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Want To Tackle Problems At Work Like A Boss? Learn This Thinking Approach From Elon Musk

Want To Tackle Problems At Work Like A Boss? Learn This Thinking Approach From Elon Musk

If you’re eager to improve your work performance, you probably consider yourself an ambitious and forward-thinking contributor to the world of business. But let’s face the fact: ambition and hard work alone are not enough to help us overcome numerous hurdles on our career paths. What sends some people to the pinnacle of success is their strong problem-solving ability.

Totally clueless about how to improve your problem-solving skills at work? Maybe you learn and practice the thinking approach adopted by many successful entrepreneurs including Elon Musk, founder of PayPal and owner of Tesla Motors, SpaceX and Solar City.

What is the thinking approach? It’s called First Principles Thinking.

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What Is First Principles Thinking?

There are two types of thinking when it comes to brainstorming and tackling problems; one is comparison thinking and the other is first principles thinking.

Comparison thinking is when you come up with a solution using a mixture of pre-existing ideas. We tend to do this because our minds can become quite limited and often tries to find the easy way out by building on or tweaking an idea that is already out there. The problem with this is we begin the brainstorming or problem-solving from a space of assumption rather than questioning – we build on what has already been established rather than finding and questioning from a new basic level.

First principles thinking is about starting from a clean slate and free from any pre-existing ideas making it a much better approach to problem-solving and creating innovative ideas. It’s about starting with the core fundamental basics and working your way up from there.

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What Are The Benefits Of First Principles Thinking?

By following first principles thinking, it helps you gather a better understanding of complex problems and better knowledge of the unknown leading to unique innovative thinking. Comparison thinking leads us to think in terms of analogy whereas first principles thinking allows us to potentially see something in much finer detail.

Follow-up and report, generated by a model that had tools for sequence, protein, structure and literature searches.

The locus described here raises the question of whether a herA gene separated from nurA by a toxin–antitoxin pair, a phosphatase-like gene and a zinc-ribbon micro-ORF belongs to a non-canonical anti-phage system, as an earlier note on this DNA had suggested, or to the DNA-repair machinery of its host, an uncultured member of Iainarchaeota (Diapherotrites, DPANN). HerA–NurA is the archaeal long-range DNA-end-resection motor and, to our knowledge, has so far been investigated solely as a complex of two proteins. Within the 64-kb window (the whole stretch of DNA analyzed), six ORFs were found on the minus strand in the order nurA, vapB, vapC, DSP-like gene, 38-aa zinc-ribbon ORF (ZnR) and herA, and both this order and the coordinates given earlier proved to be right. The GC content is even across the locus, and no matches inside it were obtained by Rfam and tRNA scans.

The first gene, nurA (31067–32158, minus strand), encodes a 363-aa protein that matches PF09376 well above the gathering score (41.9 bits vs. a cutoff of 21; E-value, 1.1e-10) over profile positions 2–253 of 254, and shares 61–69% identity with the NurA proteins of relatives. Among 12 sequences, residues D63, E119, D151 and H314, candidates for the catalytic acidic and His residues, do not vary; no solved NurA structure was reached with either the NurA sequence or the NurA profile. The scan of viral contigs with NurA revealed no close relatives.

How Can I Apply First Principles Thinking?

The best way to use this way of brainstorming is for improving performance at work. Whatever career path you’re on – coming up with new ideas, ways to improve your business or presenting a potential new business strategy to your boss – using first principles thinking will allow you to fully research and understand what will be successful and what won’t be.

The three questions you should use to focus your mind and break free of limited assumptions are:

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  • What am I trying to accomplish?
  • What is the fundamental problem?
  • What really matters to the people I’m reaching with this?

This allows you to get to your core motivation and understanding rather than using an existing idea and trying to see how to make it better.

For example, Musk talked about his thinking behind Tesla, his electric car company. An example of comparison thinking would lead someone to say “electric cars will never take off because batteries are too expensive.” This thought process holds limitations and could well lead to the company not going down a profitable route.

Instead, Musk would ask: What are the materials used to make these batteries? What is the market value of these individual materials? Could we, therefore, produce the batteries much cheaper?” He found it was much cheaper through using the strategy of first principles thinking. By taking this route we are able to break down the components and rebuild them in an affordable way showing the original assumption that batteries are not economical enough is, in fact, wrong.

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First principles thinking is about breaking out of limited thinking and the assumptions that we tend to conclude from previous evidence. It’s about looking at something from a new angle. It’s about questioning until you reach the core answer. Try applying this to your work life and see how the possibilities can multiply.